Steven (unzeugmatic) wrote,

Though I Know All I Owe I Owe Iowa

My local friends and acquaintances may not understand this, but I'm fairly certain that those I left behind in the northeast will understand the pervasively surreal feeling that overcomes me when I spend a huge percentage of time over the course of a weekend driving through the state of Iowa. It makes me question what set of circumstances brought me here, and how. I passed by Mason City and drove around Des Moines and spent the night in Walnut and skirted Council Bluffs, on my way to Omaha for an all day shapenote singing. The weather was beautiful and the singing was energetic and I spent some delightful time with old friends and enjoyed meeting new ones, but that one singing day was surrounded by two long drives through the prairie. I'm not saying this was unpleasant -- just not where I once imagined I'd be.

I am certainly a long long way from New Jersey.

These trips are always an adventure, particularly regarding food. I was traveling with Jim and Denise. We ate breakfast Sunday morning in a timewarp roadside cafe in the town of Avoca. First we went in search of an actual business district, thinking that might hold promise for a fine breakfast. We did find the business district and the center of town, not far from the highway exit, but it all had the look of a town that had seen its prosperity well over a century ago and there was certainly no Mom's Diner to be found. Several signs proudly boasted of the high school teams: the Vikings and the Lady Vikes. I'm not too sure about that "Lady Vikes" bit. I just know that the boys of the competing schools probably mock the girl athletes as the "Lady Dykes". But it somehow all looked wholesome, even surrounded by a somewhat bleak vista of, well, farmland.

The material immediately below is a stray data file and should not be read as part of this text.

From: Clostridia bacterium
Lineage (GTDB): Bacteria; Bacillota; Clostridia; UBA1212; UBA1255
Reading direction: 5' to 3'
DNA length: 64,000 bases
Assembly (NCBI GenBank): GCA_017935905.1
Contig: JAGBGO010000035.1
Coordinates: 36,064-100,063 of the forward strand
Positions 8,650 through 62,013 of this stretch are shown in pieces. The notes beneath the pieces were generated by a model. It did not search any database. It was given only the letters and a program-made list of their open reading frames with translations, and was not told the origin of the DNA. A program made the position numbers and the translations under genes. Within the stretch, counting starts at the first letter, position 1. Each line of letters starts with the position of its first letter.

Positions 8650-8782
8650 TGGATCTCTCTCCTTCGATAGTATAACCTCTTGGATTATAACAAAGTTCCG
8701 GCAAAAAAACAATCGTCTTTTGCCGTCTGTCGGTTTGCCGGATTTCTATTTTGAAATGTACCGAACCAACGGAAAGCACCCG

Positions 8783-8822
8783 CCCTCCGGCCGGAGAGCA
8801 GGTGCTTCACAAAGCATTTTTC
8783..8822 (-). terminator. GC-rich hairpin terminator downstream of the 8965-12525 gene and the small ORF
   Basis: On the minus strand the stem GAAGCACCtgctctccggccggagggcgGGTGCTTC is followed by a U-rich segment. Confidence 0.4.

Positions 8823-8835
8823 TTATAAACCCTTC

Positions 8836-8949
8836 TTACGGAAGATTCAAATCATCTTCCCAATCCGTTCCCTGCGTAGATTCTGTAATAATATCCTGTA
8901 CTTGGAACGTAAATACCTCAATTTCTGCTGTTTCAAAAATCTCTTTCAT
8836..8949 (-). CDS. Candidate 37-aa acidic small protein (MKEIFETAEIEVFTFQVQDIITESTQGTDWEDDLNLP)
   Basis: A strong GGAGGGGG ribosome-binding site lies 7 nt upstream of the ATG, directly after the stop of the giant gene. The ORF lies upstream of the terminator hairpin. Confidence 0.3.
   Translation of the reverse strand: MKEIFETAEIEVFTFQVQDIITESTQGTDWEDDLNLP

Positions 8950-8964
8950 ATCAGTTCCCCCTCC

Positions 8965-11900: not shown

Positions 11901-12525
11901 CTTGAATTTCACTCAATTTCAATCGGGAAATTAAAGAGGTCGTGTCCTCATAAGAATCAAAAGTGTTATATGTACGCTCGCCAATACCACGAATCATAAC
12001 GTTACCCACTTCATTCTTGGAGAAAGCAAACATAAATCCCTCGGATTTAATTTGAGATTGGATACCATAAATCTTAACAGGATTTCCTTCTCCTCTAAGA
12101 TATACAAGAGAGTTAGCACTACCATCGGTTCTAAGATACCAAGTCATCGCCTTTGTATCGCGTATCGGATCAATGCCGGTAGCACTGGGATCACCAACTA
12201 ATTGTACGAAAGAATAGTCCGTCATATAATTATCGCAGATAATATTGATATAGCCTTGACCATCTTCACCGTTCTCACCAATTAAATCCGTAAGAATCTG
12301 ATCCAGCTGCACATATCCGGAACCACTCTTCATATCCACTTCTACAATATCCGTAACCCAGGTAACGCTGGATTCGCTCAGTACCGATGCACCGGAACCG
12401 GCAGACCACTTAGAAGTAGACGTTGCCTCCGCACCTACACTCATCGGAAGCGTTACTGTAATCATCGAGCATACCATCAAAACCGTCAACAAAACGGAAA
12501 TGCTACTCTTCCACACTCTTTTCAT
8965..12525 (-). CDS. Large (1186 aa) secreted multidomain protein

Oh, two walls of the timewarp cafe were decorated with a shelf of vintage lunch boxes, which was charming. Avoca, after all, is only one town over from Walnut which is the Antique Capitol of Iowa. I plan on spending some time in Walnut on my way back to Omaha for the Midwest Morris Ale over Memorial Day Weekend. Now we're back to the realm of the unexpectedly surreal: Two trips to Omaha within two months of each other. Well, Omaha's nice. Really. Certainly my friends Alice and David, with whom I stayed, live in a lovely home in a great neighborhood and migratory birds by the score pass through their backyard.

The real weekend food adventure was not in Iowa, or even Nebraska, but just over the Minnesota-Iowa border on our way home when we had lunch in Albert Lea. I wanted to head a little bit west to the town of Keister, but I hadn't prepared the appropriate postcards to send with that postmark. Instead we found a Chinese restaurant just off the road on a stretch of fast food restaurants that offered a lunch buffet for 4.95, or at least that's what the sign said. It turns out on Sunday you get the all-day buffet for 6.95. Jim and Denise needed a little convincing, but when we walked in we saw the most amazing buffet selection. There were salt and pepper prawns, and mushrooms cooked with pork, and stuffed shrimp, and crab legs, and spiced squid, and three soups and wontons on the side. There was a salad bar with nori rolls, and cocktail shrimp. There was pizza and garlic bread. And chocolate pudding. And soft-serve ice cream, and large containers of regular gourmet ice cream. I am but skimming the surface. Oh, there were mussels in a light soy sauce, and lo mein noodles, and egg rolls, and fried chicken. And some sort of beef dish. And green beans, plus the vegetables of the salad bar. And duck! And more. For 6.95.

How do they do it?

Steam tables do not really lend themselves to fine dining, but everything was very well spiced and nicely cooked so if you waited for dishes to be replenished and grabbed them immediately you ate like a king.

In Albert Lea Minnesota, just over the Iowa border.

Did I imagine this? Did I imagine Iowa? Did I imagine Avoca? Did I conjure Council Bluffs out of my imagination? Does it matter? Will I ever be hungry again?
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